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Federal Circuit Gives IPR Petitioners Burden of Persuasion for Proving Patentability of Amended Claims

Oct.09.2017

Since the early days of the America Invents Act (AIA), the U.S. Patent and Trademark Office has required patent owners seeking to amend claims in post-grant proceedings, such as inter partes reviews (IPRs), to demonstrate patentability of the amended claims, not only over a petitioner’s instituted grounds of unpatentability, but in light of all prior art known to the patent owner. As a result of this heightened standard, the Patent Trial and Appeal Board has thus far denied 95 percent of all patent owners’ motions to amend. This practice was upended on Wednesday, October 4, 2017, by a sharply divided en banc panel of the Federal Circuit in Aqua Prod., Inc. v. Matal, No. 2015-1177 (Fed. Cir. Oct. 4, 2017).

With five opinions spanning 148 pages, the Federal Circuit ultimately held that the burden is on the petitioner—not the patent owner—to show that a patent owner’s proposed amended claims are unpatentable over the prior art. In vacating its prior panel decisions that upheld PTO rules which placed the burden on the patent owner, this decision is anticipated to elevate post-grant claim amendments to a more attainable level.

Background

The AIA permits a patent owner to “file 1 motion to amend the patent” by “cancel[ing] any challenged patent claim” and “[f]or each challenged claim, propose a reasonable number of substitute claims.” 35 U.S.C. § 316(d). The language of this statutory provision does not expressly allocate a burden of persuasion on the patent owner. The PTO, however, promulgated rules governing all motion practice before the PTAB, requiring in part that “[t]he moving party has the burden of proof to establish that it is entitled to the requested relief.” 37 C.F.R. § 42.20(c). In the case of motions to amend, the PTAB has since interpreted this rule to place the burden of persuasion on the moving party, the patent owner, requiring a showing—by a preponderance of the evidence—that any proposed claim amendments are patentable over known prior art, even art that is not part of the instituted grounds. According to some commentators, the PTO’s rules have since been in tension with Congress’s overall mandate that “[t]he petitioner shall have the burden of proving a proposition of unpatentability by a preponderance of the evidence.” 35 U.S.C. § 316(e).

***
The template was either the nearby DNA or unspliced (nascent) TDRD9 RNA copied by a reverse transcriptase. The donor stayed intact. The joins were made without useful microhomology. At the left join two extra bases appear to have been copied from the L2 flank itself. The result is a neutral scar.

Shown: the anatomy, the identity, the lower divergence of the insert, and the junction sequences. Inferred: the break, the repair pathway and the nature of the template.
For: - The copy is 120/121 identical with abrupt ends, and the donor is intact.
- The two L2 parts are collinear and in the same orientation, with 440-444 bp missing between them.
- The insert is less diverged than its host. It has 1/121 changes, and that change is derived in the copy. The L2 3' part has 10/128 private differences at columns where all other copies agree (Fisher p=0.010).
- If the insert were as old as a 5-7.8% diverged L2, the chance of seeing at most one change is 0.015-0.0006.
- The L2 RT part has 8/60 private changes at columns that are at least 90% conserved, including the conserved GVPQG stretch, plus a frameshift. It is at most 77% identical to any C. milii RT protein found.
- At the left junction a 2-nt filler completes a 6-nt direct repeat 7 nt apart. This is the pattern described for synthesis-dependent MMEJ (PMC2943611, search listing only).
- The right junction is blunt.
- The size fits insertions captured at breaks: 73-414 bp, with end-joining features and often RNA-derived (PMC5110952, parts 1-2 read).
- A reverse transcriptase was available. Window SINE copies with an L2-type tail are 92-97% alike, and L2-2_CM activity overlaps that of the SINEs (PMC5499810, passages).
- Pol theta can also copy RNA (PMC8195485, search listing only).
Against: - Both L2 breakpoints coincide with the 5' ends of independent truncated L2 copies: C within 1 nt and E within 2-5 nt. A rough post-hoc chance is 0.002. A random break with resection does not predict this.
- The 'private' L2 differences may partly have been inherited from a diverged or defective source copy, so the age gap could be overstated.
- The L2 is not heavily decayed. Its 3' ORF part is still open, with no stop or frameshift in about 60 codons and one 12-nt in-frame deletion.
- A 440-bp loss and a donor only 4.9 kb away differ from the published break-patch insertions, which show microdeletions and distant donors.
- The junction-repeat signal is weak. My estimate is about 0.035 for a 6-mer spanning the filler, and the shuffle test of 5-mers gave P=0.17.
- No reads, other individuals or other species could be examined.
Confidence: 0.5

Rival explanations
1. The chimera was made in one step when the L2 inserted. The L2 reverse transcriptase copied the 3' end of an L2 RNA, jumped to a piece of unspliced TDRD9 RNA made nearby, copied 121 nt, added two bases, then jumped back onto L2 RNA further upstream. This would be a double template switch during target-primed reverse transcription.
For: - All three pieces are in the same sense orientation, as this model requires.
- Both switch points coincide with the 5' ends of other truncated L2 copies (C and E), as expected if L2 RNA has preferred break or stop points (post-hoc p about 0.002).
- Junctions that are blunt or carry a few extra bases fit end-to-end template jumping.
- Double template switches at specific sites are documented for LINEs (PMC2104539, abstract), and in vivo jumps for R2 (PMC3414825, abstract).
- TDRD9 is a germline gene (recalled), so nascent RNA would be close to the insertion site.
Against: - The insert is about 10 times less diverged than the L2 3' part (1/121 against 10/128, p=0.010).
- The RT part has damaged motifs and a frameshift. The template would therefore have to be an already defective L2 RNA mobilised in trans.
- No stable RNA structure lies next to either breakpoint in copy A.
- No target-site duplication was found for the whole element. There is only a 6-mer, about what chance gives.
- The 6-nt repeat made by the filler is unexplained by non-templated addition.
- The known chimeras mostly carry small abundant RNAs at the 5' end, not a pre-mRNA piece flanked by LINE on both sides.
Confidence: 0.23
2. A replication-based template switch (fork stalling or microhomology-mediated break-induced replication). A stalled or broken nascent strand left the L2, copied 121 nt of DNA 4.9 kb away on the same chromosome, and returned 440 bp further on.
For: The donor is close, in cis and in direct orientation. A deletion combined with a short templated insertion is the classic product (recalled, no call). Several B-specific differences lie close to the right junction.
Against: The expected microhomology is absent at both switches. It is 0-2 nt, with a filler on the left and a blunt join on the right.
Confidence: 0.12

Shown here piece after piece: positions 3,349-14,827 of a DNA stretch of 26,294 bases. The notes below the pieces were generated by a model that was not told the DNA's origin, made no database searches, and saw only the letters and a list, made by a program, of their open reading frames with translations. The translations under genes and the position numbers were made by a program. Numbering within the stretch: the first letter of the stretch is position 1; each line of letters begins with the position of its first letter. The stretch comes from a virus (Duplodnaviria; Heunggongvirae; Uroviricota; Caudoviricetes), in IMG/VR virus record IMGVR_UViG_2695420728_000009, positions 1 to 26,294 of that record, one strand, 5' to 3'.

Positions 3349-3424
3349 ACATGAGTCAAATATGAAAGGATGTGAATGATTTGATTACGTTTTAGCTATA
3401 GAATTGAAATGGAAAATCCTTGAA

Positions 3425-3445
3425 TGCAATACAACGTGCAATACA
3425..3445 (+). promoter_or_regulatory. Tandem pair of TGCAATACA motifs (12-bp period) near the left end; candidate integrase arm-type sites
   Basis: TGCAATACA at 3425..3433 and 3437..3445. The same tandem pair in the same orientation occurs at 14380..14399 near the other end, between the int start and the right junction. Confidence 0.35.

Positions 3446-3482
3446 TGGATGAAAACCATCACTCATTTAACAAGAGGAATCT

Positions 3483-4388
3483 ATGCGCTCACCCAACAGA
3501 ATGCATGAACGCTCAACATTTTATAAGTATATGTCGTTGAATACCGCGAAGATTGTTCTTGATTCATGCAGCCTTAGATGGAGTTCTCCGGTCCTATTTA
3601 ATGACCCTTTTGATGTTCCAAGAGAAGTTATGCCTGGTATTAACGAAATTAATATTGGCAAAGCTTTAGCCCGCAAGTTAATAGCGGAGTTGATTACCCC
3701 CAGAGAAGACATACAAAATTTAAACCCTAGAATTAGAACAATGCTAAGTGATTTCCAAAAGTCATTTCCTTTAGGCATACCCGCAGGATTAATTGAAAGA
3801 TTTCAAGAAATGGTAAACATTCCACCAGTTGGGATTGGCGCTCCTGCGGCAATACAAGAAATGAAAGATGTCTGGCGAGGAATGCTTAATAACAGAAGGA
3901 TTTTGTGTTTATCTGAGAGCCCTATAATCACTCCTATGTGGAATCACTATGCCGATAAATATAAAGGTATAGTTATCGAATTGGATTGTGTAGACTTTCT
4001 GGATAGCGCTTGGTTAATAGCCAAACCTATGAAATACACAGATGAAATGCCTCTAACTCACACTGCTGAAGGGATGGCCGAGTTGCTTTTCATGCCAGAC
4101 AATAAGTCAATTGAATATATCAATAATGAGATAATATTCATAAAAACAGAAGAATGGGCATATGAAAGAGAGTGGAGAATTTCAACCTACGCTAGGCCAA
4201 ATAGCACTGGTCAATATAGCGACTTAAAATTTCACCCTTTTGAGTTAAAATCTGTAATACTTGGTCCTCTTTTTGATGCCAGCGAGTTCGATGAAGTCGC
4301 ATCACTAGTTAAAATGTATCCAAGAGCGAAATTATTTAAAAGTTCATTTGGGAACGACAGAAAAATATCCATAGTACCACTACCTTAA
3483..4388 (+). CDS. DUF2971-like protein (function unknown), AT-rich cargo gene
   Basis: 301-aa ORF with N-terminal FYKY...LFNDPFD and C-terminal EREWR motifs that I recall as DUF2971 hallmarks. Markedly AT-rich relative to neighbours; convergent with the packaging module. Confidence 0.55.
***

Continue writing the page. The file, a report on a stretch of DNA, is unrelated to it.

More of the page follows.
Federal Circuit’s Opinion

Writing for the majority and facing a fractured panel, Judge O’Malley aptly summarized what she describes as “a narrow holding”: